FIGURE 3. Intermediate conductance calcium-activated potassium channels in endothelial cells.


Intermediate conductance calcium-activated potassium channels in endothelial cells. (A) The various configurations of the patch clamp technique are shown. The patch-clamp technique is an electrophysiological technique that allows the study of ionic channels expressed in the cell membrane or in a lipid bilayer. A polished glass pipette is brought into contact with a given cell. When the tip of the pipette touches the cell membrane, a tight seal is formed (giga-seal). Then, by applying various maneuvers, suction, excision, permeation of the membrane with toxins, the global electrophysiological properties of the ionic channel expressed by the cell and/or the properties of individual channels can be studied. (B) IKCa in freshly dissociated porcine coronary endothelial cells (outside-out configuration of the patch-clamp technique). Single-channel activity was recorded at the indicated holding potentials under asymmetrical K+ gradients with Ca2+ fixed at 250 nM in the pipette solution. Mean unitary currents were plotted against holding potential, fitted with a linear function and the slope conductance computed (17.5 pS). (C) The effects of iberiotoxin and the subsequent addition of charybdotoxin were recorded. Distributions of unitary conductance amplitude (recorded at 0 mV and using 250 nM free Ca2+ in the pipette solution) are shown, together with representative traces. A Gaussian fit was performed for every single channel experiment, and the amplitude of single channels was determined with the best fit. Then, the mean of the obtained amplitudes was calculated. These data show that the current is insensitive to iberiotoxin (IbTX) but blocked by charybdotoxin (ChTX).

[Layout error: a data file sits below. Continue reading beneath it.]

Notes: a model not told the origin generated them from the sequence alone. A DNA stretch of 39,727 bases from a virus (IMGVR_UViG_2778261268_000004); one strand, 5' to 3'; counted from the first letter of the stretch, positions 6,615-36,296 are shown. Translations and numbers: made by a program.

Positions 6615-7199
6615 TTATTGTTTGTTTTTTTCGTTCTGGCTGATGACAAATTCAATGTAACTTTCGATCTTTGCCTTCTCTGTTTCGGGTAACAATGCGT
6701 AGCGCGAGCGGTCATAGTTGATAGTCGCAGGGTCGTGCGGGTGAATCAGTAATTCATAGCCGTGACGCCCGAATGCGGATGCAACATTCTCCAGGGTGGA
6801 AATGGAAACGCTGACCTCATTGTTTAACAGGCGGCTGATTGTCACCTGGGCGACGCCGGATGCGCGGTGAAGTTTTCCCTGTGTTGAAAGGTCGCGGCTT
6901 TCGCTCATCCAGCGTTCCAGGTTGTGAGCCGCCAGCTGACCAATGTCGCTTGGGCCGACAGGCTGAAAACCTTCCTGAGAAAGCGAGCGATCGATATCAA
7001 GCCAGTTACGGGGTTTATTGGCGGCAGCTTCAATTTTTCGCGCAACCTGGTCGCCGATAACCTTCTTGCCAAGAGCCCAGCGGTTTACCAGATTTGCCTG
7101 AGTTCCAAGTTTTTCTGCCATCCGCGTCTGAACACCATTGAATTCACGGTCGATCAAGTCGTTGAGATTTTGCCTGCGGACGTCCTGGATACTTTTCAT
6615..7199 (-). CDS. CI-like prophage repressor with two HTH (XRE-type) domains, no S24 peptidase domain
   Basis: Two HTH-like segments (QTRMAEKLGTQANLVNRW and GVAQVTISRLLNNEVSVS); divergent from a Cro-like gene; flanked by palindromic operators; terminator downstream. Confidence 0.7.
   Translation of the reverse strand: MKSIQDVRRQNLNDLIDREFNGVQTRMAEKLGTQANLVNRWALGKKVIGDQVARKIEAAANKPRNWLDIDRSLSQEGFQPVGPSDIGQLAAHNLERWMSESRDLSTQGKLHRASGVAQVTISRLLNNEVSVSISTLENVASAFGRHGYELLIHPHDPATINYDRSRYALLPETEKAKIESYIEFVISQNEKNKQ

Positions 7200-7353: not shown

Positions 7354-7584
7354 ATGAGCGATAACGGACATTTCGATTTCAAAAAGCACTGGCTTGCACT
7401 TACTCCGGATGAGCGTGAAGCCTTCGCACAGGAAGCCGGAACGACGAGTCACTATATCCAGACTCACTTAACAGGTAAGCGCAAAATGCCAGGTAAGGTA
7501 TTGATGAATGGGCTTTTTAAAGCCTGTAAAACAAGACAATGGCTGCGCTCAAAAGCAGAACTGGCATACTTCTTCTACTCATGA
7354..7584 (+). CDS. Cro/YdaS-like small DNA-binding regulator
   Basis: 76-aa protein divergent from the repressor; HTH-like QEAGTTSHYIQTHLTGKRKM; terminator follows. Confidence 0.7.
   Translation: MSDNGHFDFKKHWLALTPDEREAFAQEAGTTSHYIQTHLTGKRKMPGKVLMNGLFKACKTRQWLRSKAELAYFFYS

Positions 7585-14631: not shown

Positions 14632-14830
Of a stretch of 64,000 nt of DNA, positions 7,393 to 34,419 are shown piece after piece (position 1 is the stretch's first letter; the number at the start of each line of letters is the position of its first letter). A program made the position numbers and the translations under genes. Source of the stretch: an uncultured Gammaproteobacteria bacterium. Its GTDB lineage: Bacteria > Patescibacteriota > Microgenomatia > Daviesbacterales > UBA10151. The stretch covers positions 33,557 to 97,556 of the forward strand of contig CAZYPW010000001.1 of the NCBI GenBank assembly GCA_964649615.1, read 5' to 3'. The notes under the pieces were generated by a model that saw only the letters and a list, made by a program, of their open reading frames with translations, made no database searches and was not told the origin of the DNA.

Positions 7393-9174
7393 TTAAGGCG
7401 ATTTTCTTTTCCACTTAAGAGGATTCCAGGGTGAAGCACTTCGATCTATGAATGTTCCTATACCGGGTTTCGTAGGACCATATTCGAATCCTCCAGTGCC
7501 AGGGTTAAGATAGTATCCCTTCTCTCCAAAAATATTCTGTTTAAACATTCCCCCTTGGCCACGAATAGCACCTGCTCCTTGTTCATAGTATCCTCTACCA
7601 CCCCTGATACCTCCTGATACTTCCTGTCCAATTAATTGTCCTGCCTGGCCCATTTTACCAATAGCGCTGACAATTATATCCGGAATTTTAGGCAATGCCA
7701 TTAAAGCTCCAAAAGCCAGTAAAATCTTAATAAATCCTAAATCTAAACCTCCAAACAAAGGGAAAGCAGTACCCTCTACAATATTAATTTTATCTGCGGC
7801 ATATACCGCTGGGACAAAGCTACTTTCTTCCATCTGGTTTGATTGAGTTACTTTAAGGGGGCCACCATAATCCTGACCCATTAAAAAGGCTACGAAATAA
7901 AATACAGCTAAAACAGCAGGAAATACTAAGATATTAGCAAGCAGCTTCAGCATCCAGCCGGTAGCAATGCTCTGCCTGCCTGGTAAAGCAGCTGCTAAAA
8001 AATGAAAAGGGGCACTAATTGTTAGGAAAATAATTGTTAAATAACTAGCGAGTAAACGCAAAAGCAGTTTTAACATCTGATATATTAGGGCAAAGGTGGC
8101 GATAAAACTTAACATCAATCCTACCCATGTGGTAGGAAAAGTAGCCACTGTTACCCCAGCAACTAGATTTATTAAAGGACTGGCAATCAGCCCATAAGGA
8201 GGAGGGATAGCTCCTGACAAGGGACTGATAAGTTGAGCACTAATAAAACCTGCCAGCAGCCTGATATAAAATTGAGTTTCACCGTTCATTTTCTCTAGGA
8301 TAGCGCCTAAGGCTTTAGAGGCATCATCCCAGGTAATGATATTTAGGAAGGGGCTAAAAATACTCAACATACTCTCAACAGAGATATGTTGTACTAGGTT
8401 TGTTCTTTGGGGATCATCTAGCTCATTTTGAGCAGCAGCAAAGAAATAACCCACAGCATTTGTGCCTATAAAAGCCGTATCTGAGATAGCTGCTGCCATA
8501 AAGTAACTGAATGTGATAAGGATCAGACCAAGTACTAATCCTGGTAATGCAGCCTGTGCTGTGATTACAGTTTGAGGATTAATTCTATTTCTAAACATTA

From: Chapter 1, Endothelium-Dependent Hyperpolarizations: The Classical “EDHF” Pathway

Cover of The Endothelium
The Endothelium: Part 2: EDHF-Mediated Responses “The Classical Pathway”.
Félétou M.
Copyright © 2011 by Morgan & Claypool Life Sciences Publisher.

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